ANALYSIS: Political weakness, not yellow vests, killed off France’s 80km/h limit

How did the 80 km/h speed limit on secondary roads go from a road safety initiative to a political nightmare, asks Political Science professor Fabrice Hamelin.

ANALYSIS: Political weakness, not yellow vests, killed off France's 80km/h limit
The 80 km/h limit became the focus of bitter protests. Photo: AFP
He started the game with a tweet in December 2017: “I am in favour of 80 km/h on the two-way national and departmental roads: two thirds of accidents are concentrated on these sections of road. “
In May 2019, he appeared to end it in one sentence: “If the presidents of the departmental councils wish to assume their responsibilities, I have no problem with that.”
Less than a year after applying the 80 km/h speed limit, the Prime Minister laid down his arms.
After having said that he was ready to assume the unpopularity of the measure, Édouard Philippe disavowed his decision at the worst possible moment, on the eve of an election.
Those who had once seen the expression of “courage in politics” in this law looked on with astonishment as it became a retreat for electoral purposes, a few days before the confirmation of the historical lows for road fatalities achieved in 2018. How did we get here?
An initial political choice backed by scientific studies
The adoption of this measure in January 2018 took the public by surprise. However, it can be easily explained by a rational – some would say technocratic – view  of public policy. Here, the mobilisation of expert knowledge and evidence is at the heart of decision-making.
For the executive, the problem was clearly defined: it was necessary to reverse the curve of road accidents, quickly put an end to the disappointing results of the previous administration and reaffirm the direction of this policy by the executive, to which public opinion would attribute the results.
For many years, international scientific work has correlated the decline in traffic speeds with a decrease in accidents and fatalities.
This reduction of the speed limit to 80 km/h had been called for by the committee of experts at the National Council of Road Safety (CNSR) since 2013 and supported by motoring organisations.
Bernard Cazeneuve launched experimental trials in 2015. Figures put forward suggested that 300 to 400 lives would be spared. The measure would also be accompanied by an evaluation after two years.

An employee of the roads department sets up an 80 km/h speed limit sign in Grenade in south-western France. Photo: PASCAL PAVANI / AFP

This political reorientation responded to the failure of the other tools in use: the effectiveness of automated speed control devices was undermined by sat navs and radar detectors. It was necessary to renew the road safety toolbox.
As for the method, it was inspired by that of Jacques Chirac's government in 2002: responsibility for the reform firmly assumed at the top of government – which had then silenced the opposition, notably that of ministers – and a rapid implementation so as not to enter into discussions with the many stakeholders, particularly the local and regional authorities concerned.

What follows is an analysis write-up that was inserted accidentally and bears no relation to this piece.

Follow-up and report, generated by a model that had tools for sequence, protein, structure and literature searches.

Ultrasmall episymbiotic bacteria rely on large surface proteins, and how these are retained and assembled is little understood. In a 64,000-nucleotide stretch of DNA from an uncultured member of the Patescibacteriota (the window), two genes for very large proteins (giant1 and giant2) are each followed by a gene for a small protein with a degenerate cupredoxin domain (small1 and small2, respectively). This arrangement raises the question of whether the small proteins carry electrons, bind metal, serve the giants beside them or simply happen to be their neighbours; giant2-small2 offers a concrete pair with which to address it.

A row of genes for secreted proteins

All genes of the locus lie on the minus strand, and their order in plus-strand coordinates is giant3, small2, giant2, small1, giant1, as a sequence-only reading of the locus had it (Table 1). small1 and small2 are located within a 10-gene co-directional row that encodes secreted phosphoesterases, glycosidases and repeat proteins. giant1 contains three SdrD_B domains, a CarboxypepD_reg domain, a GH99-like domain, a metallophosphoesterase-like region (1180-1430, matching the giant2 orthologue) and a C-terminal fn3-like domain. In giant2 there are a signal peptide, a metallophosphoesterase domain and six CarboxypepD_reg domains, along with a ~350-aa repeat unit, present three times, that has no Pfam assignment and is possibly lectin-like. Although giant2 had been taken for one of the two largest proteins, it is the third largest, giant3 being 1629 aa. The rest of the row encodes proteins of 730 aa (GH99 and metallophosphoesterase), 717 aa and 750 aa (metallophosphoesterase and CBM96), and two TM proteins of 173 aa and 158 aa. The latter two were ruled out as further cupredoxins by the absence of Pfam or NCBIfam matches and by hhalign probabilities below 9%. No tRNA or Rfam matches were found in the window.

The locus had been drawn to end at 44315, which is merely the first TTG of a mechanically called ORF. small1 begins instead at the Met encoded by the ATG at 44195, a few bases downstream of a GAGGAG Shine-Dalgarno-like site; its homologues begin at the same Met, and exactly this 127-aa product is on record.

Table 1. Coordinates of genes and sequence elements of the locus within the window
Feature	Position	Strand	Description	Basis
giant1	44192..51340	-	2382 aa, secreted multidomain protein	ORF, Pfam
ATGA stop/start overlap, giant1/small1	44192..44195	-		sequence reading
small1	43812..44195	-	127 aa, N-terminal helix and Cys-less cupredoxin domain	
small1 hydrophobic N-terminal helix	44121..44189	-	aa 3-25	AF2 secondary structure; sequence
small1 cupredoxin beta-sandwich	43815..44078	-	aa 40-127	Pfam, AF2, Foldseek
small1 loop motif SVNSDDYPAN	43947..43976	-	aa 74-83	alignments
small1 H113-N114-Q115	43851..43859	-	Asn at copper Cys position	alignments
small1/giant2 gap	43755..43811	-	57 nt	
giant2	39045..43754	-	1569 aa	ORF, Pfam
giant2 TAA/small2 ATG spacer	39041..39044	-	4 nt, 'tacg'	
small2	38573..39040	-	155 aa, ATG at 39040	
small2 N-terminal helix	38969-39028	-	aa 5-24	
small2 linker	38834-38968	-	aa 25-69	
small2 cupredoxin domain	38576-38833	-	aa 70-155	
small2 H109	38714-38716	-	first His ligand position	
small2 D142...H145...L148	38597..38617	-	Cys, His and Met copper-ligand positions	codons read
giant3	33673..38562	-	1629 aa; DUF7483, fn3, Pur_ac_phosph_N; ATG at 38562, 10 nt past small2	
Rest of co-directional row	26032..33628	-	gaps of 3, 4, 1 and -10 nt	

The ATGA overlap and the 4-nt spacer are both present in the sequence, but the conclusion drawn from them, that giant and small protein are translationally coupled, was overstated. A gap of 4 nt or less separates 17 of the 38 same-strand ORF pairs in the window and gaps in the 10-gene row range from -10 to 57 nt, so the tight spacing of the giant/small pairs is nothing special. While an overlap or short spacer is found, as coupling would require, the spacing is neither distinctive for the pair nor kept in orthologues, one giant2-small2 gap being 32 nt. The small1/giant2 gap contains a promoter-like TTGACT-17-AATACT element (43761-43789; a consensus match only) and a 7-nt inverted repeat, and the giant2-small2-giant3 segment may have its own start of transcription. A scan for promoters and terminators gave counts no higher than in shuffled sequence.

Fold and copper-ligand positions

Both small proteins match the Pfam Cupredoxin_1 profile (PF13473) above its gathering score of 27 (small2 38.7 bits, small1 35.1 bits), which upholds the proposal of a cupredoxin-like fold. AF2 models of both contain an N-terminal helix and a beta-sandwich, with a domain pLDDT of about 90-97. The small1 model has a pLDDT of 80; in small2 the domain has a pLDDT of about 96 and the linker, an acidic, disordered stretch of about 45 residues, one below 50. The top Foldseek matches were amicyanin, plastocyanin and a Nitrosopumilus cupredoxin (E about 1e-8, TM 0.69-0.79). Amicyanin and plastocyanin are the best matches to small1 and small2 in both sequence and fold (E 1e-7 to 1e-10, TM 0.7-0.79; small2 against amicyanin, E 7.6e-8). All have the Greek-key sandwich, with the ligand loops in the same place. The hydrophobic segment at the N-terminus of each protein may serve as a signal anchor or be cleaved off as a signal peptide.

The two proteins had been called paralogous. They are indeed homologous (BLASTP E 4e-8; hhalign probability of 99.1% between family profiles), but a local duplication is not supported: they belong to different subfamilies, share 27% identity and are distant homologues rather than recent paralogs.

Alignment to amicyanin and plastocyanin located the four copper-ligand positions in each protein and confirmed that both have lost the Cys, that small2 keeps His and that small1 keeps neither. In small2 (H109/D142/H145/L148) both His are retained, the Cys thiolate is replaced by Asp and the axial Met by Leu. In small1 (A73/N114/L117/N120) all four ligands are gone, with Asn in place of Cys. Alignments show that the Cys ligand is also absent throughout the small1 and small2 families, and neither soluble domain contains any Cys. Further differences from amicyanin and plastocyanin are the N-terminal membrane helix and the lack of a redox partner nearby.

The politicisation of road safety policy
This depoliticised vision of public policy, based on evidence and the adoption of what worked elsewhere, appeared in autumn 2017 to be fully in tune with the political change that had just taken place and the spirit of a new government that intended to promote action that was “both right and left wing”.
It opposed, however, another vision of the fabric of public policy, which accepts ideological assumptions, listens to pressure groups, and strives to surf the waves of public opinion. Today, the term 'social acceptability' is used. It is this more traditional mode of public policy making that has come to prevail here because of a politicisation of the road safety policy that was probably poorly anticipated by the government.
This politicisation can be seen first of all in the fact that political groups, here essentially located on the right side of the political spectrum, have reinserted road safety into their agendas. These include Les Républicains and the Rassemblement National.
This partisan involvement helped to spread the idea of ​​a measure that is evidence of the paternalism and authoritarianism of the central State, as well as the liberticidal nature and the punitive aim of the policies pursued.
It even went so far as to deny the road safety ambitions of government measures and to see them as merely an additional chance to levy taxes.
A motorcyclist at a demonstration against the new speed limit on secondary roads. Photo: CHRISTOPHE ARCHAMBAULT / AFP
The issue of road safety relegated to the background
This politicisation of road safety has also been visible in the mobilisation of elected officials. Senators, the traditional voice of local officials, have in particular taken on the case: the creation of a commission to make proposals to the government is evidence of this, as is the communication by members of the Senate in the media and the adoption of measures against the law.
Finally, the presidents of the departmental councils took the floor on this issue in the name of “common sense”, their responsibility and their particular knowledge of the roads and their users in their departments.
This phase of politicisation redefined the problem and relegated the issue of road safety and scientific responses. Political actors have thus promoted broader issues and used arguments that relegated the road safety issue to the background.
They mobilised against the contempt of the executive and the “Parisianism” of the measure, emphasising the deterioration of road infrastructures, the respect of the State for decisions left to local authorities, or even the weakness of the necessary dialogue between the public authorities at different levels.
In short, the technocratic temptation that came out of regime change came up against the return of politics.
Six months of preparation and controversy
The return of politics can also be seen in the mobilisations that developed throughout the six months preceding implementation in July 2018.